The middle class cannot sustain themselves when corporations are reducing their bottom lines by cutting jobs, or when their child has a serious illness that insurance does not cover. When Dad gets injured on the job it is tax dollars that provide that family a cushion through workman’s comp and benefits such as unemployment and help with his retraining so he can find a job after his on the job injury. It is taxes that pay for our schools and colleges where Mom, Dad and the children get the education they need to be part of the workforce of today and tomorrow. Taxes pay for our roads, our bridges and our police and fire, none of which can we live without in our modern society. And it is taxes that pay for the finest military in the world.
Perhaps a billionaire can supply his own military and can fly anywhere in the world to get the best health care. But he or she should expect to be taxed as a “payback” for the golden opportunity our society gave them to succeed, and to keep the dream alive for every American child irrespective of their background. Every American deserves the right to dream. For Mitt Romney and the Republicans, the inconvenient truth is that this payout to the “uber rich getting richer” crowd is deplorable. The top richest 400 in America are worth $1.4 trillion. Most increased their wealth significantly over the last two years while the rest of us were worrying if we would lose the roof over our heads.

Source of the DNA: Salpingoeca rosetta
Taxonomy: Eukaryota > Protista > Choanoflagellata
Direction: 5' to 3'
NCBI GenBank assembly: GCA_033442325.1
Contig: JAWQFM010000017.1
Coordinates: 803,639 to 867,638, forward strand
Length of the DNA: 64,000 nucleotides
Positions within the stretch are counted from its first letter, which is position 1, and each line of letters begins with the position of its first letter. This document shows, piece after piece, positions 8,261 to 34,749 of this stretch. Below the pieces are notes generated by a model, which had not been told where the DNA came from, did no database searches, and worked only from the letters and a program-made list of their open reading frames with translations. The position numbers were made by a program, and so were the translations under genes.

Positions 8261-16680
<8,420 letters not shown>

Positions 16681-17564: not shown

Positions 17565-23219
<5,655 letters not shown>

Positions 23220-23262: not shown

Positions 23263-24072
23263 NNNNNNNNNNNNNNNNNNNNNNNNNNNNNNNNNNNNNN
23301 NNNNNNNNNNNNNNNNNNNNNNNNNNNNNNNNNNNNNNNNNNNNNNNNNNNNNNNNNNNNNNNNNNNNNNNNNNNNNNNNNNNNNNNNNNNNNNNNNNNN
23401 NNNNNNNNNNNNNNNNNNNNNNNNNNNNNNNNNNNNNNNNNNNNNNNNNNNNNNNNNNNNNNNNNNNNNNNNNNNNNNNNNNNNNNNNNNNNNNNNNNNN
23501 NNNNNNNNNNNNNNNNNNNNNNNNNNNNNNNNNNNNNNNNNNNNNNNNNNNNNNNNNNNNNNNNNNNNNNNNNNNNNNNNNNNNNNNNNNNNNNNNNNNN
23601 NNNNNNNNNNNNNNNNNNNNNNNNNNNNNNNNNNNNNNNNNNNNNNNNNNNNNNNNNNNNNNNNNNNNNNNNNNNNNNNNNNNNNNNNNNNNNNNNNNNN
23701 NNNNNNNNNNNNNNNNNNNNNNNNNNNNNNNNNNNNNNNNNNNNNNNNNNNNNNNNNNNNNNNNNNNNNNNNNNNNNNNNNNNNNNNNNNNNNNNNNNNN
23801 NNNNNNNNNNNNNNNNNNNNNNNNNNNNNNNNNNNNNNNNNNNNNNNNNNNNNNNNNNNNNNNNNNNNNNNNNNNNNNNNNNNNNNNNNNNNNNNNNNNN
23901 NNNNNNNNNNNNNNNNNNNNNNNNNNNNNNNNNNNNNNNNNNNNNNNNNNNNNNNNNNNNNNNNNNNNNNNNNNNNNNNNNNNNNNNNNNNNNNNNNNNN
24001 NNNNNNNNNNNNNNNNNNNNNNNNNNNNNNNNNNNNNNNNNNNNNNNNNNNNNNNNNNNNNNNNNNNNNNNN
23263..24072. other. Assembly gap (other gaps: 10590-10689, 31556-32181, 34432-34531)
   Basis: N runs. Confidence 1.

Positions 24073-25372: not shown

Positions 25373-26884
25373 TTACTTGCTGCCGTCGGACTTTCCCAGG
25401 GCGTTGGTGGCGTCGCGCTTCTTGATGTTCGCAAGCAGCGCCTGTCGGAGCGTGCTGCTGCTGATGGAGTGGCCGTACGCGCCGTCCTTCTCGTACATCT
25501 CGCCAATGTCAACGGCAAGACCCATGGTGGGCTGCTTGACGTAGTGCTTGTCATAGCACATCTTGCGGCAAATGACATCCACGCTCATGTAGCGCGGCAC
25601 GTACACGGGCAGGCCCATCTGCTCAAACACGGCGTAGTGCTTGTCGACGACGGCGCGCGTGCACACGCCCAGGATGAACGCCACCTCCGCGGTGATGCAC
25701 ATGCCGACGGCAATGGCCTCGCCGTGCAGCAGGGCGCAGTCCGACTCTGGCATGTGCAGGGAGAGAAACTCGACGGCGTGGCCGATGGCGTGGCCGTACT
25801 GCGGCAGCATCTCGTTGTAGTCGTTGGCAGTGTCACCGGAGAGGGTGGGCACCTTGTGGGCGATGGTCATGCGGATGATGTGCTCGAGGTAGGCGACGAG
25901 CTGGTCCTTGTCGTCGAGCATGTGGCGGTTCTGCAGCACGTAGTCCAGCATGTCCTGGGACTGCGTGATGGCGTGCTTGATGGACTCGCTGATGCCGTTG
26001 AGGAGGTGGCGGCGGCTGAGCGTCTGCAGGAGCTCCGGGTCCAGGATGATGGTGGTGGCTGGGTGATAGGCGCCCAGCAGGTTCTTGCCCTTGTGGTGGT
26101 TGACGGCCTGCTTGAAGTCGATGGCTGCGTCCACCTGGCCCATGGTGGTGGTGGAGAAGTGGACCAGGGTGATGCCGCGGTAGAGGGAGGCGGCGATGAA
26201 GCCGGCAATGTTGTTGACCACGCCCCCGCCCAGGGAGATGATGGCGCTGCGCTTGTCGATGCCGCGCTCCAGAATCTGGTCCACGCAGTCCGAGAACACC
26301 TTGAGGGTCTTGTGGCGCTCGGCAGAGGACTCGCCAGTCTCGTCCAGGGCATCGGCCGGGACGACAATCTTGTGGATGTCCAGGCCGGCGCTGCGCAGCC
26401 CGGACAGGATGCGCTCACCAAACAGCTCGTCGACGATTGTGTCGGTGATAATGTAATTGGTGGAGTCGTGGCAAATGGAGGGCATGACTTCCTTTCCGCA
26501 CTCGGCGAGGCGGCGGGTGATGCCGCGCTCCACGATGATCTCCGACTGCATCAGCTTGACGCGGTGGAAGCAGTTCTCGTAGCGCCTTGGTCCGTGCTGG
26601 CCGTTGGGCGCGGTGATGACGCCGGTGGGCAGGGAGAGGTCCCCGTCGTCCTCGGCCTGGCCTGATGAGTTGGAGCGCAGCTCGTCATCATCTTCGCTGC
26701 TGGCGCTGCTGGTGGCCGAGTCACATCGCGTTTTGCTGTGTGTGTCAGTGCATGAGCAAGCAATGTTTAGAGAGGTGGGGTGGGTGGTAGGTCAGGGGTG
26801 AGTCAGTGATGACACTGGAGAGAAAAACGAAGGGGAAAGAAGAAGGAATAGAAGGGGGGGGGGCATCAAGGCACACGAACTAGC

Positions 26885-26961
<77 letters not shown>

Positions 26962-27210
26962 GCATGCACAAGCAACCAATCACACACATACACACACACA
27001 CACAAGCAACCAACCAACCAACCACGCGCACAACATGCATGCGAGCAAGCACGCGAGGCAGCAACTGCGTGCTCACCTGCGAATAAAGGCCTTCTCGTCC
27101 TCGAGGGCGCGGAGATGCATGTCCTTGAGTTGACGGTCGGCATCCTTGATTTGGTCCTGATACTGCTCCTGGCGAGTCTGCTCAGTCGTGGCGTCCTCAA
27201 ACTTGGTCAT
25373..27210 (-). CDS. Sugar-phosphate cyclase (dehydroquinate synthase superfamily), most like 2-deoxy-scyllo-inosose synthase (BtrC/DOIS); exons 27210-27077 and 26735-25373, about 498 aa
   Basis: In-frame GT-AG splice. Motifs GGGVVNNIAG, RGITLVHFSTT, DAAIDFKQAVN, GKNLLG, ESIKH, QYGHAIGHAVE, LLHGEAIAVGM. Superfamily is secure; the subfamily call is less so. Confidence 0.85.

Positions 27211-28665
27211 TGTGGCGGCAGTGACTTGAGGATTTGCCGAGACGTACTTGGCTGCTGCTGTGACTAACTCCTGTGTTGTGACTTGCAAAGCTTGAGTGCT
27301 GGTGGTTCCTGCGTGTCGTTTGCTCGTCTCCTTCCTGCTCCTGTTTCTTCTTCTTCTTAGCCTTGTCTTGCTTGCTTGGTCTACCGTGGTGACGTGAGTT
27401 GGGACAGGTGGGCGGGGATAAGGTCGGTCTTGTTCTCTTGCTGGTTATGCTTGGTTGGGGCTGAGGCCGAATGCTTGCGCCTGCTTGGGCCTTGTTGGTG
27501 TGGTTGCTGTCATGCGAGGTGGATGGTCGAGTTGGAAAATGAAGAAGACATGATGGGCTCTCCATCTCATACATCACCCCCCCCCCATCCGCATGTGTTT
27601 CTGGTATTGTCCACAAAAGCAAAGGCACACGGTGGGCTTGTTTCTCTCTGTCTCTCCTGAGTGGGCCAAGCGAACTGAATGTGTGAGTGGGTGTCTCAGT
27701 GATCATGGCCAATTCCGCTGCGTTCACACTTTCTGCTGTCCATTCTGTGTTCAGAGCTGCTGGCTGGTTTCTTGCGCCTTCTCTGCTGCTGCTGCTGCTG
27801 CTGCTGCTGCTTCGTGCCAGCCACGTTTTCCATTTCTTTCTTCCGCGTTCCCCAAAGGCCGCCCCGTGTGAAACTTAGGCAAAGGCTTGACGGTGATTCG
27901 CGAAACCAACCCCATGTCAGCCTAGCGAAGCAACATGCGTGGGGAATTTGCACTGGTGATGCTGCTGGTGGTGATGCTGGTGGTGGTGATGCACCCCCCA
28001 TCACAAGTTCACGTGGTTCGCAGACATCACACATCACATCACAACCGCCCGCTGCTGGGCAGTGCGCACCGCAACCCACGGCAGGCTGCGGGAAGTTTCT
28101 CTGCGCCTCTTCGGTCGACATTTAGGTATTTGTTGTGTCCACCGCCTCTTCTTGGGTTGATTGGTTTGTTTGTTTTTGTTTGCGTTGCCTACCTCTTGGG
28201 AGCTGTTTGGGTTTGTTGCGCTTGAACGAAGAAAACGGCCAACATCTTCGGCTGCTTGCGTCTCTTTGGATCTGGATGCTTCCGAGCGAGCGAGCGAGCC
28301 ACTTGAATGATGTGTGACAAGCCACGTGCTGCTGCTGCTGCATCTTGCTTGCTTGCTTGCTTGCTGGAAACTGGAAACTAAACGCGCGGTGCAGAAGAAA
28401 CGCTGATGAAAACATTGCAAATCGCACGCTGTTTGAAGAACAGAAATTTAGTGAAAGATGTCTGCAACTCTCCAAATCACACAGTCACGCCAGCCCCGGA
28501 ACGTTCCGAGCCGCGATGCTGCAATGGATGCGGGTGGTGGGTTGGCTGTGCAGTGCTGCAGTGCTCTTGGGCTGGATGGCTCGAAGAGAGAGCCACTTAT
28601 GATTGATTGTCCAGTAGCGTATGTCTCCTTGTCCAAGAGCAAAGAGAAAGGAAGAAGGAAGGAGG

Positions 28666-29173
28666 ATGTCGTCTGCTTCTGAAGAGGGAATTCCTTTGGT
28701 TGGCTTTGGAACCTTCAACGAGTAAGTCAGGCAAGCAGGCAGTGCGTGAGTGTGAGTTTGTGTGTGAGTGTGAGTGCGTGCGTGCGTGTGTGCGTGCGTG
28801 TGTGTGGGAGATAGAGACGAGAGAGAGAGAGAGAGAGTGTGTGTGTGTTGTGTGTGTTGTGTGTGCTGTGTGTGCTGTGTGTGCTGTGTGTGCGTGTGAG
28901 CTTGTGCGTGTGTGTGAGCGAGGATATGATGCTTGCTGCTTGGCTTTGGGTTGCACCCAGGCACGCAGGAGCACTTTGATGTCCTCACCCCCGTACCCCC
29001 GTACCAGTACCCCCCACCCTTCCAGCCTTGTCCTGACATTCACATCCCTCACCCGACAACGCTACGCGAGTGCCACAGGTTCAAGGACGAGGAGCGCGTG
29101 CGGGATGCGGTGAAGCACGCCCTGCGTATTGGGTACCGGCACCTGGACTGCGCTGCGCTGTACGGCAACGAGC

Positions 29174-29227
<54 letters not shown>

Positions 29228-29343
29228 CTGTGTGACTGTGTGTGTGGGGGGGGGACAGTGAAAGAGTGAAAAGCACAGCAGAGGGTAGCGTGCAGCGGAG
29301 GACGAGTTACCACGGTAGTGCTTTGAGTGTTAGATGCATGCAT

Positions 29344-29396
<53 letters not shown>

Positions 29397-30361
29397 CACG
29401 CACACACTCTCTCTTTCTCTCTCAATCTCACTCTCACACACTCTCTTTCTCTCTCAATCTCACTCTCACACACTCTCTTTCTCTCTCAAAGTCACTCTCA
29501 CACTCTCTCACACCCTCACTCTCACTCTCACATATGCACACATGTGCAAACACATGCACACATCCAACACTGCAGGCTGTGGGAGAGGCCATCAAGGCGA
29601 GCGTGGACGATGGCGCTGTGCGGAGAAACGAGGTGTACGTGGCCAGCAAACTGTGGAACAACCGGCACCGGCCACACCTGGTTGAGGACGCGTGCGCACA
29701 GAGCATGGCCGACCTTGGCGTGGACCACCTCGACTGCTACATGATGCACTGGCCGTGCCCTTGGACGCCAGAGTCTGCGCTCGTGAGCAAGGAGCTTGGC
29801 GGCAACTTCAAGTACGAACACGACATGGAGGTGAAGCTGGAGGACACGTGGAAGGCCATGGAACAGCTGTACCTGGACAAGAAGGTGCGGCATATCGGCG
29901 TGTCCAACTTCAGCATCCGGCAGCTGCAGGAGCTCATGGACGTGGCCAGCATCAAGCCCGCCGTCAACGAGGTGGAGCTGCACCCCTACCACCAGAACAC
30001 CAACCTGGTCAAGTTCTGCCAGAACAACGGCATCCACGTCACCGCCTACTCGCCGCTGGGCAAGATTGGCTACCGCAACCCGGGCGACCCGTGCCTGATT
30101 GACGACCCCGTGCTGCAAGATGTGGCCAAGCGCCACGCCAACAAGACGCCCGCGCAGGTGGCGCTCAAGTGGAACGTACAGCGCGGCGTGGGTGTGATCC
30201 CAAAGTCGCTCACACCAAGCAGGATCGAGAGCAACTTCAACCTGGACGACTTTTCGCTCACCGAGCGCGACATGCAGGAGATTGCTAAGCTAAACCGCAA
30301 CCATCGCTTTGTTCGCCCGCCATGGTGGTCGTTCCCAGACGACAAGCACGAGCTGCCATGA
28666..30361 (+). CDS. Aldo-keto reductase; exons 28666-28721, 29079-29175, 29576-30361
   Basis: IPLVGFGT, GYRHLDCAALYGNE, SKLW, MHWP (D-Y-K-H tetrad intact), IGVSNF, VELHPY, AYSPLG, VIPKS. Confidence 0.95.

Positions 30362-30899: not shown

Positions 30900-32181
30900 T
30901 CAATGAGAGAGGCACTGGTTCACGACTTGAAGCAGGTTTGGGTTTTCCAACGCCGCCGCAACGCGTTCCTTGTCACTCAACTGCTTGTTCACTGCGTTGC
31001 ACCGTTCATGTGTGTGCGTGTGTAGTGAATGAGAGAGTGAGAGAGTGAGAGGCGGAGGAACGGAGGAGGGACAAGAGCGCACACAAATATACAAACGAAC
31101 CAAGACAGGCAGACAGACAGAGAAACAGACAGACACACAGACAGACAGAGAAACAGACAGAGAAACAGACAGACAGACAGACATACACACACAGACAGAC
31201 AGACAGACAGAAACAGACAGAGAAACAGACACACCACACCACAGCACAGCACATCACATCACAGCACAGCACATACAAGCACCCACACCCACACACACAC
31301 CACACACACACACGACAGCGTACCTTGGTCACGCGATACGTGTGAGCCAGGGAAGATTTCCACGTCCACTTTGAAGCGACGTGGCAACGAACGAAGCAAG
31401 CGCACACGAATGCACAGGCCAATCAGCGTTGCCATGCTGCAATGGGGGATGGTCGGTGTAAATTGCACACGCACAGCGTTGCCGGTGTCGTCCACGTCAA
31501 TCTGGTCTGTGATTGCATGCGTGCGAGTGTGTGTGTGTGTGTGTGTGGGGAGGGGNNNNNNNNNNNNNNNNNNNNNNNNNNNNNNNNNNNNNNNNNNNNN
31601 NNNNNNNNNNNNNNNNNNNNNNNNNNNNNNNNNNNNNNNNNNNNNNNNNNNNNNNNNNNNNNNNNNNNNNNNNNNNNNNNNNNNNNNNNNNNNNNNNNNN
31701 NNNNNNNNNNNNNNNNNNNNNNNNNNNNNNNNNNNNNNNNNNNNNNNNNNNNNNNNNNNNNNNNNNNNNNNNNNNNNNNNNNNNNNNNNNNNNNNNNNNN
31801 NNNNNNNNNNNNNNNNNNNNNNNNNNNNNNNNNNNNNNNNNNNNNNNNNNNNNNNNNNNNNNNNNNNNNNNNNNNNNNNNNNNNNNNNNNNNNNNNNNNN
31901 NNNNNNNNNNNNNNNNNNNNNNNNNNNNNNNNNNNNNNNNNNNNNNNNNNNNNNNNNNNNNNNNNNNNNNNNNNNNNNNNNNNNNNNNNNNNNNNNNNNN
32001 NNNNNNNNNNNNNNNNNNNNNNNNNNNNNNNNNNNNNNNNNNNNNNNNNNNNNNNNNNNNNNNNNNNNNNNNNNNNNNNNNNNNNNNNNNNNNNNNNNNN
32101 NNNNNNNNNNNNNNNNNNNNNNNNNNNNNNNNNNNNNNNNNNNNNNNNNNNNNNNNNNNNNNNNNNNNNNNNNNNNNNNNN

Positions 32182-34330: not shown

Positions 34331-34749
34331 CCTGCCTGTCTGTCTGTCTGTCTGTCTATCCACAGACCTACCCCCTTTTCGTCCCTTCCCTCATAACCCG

Mitt Romney is worth about $200 million. Unlike Bill Gates and Warren Buffet who made their money through sweat equity, Romney, who claims his business prowess as the source of his wealth, was truthfully born the son of a rich man. Like George W. Bush, Mitt’s father George W. Romney gave his son every opportunity to make good, sending him to the best schools, extending him a helping hand from family and friends to get rolling in business.
Frankly it’s a wonder that neither Mitt nor “W” is worth more. Neither of them has ever suffered for lack of anything. Neither has ever worried about a roof over their heads. Neither made their fortunes through their own gumption, sweat and tears. No wonder neither one cares for paying the taxes that in one way or another help the majority of Americans to live, work and dream. What is remarkable is that how many Americans that benefit directly from taxes don’t even appreciate the fact. Instead they continue to “carry water” for the self indulgent rich.
In January Congresswoman Debbie Wasserman Schultz (1/2/11) said: "We were bleeding 750k jobs per month before President Obama took office and then last year we created over a 1,000,000,000 more jobs than the entire Bush Presidency. We need to continue that progress” Let’s continue that progress for America. Let the Republicans who honestly do care about America find fiscally conservative ways to care for their fellow Americans, to make our country healthy and stable again and to grow new jobs. Tax cuts for the rich? Blaming the financial misdeeds on Obama? For Romney and his bunch, that is inconveniently untrue.